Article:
Guide Dog Foundation

Our Programs

Program Criteria

How the Admission Process Works

The admission process starts when a prospective applicant contacts the Guide Dog Foundation and indicates they are interested in a guide dog. They can call us or send their request via email.

The Consumer Services Department gathers this information and reaches out to the prospective applicant. They speak about the guide dog lifestyle and answer any questions a potential applicant has about our programs. Consumer Services also checks to see if the applicant meets the Guide Dog Foundation’s requirements for using a guide dog (i.e., that they are legally blind, have completed Orientation and Mobility training, etc.).

If the prospective applicant has met our criteria, and decides that a guide dog may be the right choice for them, an application packet is sent out. If they are unsure about getting a dog, additional information on the program is sent (if they are interested). For those who still need Orientation and Mobility (O&M) training, we will provide a list of agencies in their area that offers this training.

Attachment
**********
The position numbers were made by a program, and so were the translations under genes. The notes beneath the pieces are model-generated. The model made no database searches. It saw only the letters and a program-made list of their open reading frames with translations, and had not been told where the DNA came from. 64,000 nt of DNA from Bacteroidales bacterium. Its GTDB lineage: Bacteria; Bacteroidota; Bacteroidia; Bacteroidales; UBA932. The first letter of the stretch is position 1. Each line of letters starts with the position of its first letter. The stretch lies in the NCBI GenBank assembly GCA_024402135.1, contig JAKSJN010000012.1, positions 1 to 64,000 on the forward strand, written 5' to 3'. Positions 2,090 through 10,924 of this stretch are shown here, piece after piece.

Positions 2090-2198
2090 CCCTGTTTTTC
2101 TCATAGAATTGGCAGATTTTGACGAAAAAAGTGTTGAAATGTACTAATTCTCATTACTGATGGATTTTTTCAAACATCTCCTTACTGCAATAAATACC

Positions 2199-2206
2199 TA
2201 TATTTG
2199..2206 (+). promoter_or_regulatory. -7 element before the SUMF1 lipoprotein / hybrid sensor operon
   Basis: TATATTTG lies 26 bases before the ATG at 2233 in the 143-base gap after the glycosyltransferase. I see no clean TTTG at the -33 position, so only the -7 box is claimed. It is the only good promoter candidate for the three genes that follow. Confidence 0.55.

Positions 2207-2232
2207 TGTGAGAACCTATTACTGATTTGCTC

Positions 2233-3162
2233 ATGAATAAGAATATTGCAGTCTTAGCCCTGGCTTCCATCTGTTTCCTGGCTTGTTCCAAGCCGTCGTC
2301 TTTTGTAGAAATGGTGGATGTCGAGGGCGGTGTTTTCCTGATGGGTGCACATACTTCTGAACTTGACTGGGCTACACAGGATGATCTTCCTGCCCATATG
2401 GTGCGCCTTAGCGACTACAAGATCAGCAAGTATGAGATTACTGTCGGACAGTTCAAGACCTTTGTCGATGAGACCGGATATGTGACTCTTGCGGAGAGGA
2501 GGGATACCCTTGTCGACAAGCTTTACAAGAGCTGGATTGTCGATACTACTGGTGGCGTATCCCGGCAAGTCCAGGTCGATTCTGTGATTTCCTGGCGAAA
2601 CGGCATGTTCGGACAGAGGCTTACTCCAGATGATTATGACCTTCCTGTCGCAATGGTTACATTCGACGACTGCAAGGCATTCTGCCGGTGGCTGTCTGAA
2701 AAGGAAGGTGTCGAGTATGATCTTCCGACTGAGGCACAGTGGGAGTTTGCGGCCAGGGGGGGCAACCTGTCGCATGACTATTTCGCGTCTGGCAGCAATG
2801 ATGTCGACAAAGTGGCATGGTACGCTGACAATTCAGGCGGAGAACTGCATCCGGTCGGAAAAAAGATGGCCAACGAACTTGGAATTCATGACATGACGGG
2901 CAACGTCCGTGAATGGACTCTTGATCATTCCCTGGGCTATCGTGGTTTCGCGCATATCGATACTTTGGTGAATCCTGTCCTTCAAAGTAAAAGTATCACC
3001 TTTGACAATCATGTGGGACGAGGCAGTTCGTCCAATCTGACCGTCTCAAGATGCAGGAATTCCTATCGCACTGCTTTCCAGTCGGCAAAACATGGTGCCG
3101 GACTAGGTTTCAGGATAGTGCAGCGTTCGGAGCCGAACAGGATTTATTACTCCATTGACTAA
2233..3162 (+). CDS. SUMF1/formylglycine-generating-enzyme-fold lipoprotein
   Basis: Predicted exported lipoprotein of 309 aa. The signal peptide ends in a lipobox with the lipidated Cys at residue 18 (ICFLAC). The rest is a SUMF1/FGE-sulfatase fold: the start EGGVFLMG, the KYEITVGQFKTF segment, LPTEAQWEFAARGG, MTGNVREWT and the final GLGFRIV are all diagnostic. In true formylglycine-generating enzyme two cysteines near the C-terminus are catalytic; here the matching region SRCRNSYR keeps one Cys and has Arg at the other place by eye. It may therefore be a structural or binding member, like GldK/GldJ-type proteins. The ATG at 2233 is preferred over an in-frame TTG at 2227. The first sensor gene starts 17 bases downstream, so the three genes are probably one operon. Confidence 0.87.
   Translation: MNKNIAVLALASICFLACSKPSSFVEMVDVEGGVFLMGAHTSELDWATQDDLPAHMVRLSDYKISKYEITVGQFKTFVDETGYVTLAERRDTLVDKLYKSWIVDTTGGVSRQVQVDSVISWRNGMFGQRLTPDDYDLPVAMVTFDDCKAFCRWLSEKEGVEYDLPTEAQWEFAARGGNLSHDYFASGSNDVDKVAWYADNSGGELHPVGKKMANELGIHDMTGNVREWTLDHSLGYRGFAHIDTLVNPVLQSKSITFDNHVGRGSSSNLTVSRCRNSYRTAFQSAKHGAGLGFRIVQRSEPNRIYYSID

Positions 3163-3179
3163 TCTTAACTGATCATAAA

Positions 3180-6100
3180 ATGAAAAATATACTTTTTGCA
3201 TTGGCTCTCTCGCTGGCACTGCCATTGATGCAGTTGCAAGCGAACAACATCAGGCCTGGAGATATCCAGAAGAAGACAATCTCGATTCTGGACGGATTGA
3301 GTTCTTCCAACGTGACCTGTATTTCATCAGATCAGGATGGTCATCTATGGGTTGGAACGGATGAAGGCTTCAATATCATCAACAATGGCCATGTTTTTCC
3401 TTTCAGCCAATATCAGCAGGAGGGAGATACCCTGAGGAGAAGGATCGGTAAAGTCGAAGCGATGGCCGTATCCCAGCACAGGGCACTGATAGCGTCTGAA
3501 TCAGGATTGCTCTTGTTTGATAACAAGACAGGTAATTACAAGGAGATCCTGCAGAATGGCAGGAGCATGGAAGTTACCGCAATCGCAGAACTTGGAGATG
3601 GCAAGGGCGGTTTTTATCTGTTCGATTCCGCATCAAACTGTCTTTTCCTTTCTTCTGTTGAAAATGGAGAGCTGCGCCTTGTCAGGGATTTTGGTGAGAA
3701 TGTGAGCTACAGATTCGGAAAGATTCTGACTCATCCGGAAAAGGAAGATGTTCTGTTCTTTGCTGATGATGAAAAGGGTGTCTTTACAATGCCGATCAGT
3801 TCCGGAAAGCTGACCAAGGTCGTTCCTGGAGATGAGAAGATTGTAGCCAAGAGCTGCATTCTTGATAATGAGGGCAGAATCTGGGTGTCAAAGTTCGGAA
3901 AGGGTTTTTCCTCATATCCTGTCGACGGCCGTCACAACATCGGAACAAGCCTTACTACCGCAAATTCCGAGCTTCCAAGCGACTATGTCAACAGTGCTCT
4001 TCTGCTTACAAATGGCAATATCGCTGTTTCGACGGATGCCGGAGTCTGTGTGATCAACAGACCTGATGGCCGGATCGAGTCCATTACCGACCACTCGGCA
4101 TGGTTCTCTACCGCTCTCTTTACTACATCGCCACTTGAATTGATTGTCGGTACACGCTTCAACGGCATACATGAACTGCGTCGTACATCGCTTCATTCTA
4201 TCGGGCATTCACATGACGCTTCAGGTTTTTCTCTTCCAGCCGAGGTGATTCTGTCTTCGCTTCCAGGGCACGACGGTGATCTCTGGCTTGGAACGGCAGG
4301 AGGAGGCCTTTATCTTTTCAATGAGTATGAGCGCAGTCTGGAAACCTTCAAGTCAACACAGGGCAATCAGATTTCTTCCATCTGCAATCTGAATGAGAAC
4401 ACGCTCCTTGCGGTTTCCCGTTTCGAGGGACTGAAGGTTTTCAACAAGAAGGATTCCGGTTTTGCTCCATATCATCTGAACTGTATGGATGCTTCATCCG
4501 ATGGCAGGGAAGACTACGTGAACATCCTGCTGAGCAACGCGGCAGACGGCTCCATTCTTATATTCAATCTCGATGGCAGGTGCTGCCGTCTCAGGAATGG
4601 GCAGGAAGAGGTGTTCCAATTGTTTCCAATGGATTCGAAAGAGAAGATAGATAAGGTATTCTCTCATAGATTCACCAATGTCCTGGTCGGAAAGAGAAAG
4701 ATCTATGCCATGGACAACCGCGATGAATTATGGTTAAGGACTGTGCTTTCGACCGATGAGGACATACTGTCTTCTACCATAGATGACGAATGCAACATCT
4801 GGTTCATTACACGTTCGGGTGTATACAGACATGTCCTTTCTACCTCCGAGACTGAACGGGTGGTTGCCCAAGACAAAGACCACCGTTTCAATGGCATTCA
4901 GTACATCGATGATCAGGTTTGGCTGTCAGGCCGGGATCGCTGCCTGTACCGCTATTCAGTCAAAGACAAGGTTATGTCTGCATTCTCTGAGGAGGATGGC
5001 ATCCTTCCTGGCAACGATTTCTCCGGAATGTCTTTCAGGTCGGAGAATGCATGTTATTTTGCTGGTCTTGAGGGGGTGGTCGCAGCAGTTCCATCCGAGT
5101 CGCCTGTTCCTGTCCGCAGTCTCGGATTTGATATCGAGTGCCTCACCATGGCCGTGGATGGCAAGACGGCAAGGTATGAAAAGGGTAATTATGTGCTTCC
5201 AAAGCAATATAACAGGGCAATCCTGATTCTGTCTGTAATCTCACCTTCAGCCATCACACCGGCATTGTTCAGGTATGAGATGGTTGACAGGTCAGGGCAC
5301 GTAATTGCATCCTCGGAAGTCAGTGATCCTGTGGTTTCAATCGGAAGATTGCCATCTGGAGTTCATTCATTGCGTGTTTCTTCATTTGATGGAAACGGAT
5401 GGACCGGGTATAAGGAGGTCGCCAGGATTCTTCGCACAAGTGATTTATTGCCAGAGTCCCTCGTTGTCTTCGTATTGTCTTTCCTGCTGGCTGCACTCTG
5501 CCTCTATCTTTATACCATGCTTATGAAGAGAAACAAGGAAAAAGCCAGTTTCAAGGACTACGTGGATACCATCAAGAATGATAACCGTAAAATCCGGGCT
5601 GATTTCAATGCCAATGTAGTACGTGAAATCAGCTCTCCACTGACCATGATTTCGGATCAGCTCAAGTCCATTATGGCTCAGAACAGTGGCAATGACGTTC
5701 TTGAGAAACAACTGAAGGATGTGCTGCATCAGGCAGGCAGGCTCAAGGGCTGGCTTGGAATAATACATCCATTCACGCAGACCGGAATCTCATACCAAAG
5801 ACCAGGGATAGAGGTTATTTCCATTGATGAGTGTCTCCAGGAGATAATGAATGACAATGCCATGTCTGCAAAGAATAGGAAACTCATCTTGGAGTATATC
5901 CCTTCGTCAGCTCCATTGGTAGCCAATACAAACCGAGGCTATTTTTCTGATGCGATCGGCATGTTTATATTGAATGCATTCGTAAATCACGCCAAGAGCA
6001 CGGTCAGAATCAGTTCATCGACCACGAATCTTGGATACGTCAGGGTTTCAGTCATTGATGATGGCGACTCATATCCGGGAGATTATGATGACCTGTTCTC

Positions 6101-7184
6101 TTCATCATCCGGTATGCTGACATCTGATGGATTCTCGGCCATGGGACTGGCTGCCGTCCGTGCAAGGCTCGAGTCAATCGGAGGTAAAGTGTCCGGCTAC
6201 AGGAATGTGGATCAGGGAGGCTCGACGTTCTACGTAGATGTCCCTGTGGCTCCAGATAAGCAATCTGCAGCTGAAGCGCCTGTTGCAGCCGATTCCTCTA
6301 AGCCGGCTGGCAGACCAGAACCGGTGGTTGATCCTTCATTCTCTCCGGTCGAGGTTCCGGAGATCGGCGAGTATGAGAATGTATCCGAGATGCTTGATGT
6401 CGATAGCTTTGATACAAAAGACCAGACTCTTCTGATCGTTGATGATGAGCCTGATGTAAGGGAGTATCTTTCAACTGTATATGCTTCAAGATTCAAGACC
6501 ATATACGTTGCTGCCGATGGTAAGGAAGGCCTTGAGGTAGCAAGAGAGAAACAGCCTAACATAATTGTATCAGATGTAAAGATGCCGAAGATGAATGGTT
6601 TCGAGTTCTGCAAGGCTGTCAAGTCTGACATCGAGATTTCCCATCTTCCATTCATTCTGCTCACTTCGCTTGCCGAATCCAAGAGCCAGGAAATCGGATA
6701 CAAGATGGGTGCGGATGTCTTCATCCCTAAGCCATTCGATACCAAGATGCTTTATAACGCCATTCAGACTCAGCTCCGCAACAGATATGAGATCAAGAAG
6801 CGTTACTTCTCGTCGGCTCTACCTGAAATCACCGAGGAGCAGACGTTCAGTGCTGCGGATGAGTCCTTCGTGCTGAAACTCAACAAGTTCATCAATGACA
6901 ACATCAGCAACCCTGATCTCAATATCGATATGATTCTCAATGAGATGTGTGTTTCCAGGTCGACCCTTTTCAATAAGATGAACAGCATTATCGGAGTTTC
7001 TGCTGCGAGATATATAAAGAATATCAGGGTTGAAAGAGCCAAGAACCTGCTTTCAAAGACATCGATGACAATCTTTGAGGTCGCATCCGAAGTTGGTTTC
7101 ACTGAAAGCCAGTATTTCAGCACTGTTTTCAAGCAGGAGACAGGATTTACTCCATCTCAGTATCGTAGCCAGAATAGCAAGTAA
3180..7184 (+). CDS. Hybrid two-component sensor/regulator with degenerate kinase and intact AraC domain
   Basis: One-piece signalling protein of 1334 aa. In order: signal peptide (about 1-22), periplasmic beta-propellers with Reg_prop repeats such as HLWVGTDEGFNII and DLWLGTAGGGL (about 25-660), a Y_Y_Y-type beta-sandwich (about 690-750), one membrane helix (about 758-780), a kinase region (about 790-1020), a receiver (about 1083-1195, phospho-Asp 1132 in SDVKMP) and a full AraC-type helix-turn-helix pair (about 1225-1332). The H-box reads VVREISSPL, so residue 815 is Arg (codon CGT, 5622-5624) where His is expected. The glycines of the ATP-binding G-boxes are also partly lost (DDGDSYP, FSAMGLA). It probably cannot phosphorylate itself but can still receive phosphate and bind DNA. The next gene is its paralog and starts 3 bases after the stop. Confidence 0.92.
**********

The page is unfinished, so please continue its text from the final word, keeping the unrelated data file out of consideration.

Once an individual sends in the various pieces of the application, their file is considered “active.” We then contact each applicant to arrange an interview. For applicants in the Long Island, New York area, it most likely will be an in-person interview at the applicant’s home. For out-of-area applicants, a telephone interview is arranged and we also request a 10-minute video (CD, DVD or a link to a video online), to give us a glimpse of their O&M skills as well as the areas where they live and work.) These interviews help us better understand the applicant’s needs—vital information for the matching process.

Once the application is complete, it is presented to our Student Selection Committee. If accepted, formal notification will be given, and based on the materials submitted, our training staff will begin the matching process to find an appropriate dog. Once that happens, the applicant will be contacted for an upcoming class.

If they are not accepted, and we cannot provide a guide dog at this point (i.e., applicant not in good health, does not have sufficient orientation skills), we will tell them why their application was denied.

The next step for an individual applicant varies on a case-by-case basis. Some are encouraged to apply again when their situation has resolved. For others – perhaps those for whom a guide dog is not the right option (for example, someone who wants a dog just for companionship) we provide them with suggestions for another mobility aid or specialized program at another organization.

Click here to learn more about the application process, including how to apply for a guide dog online.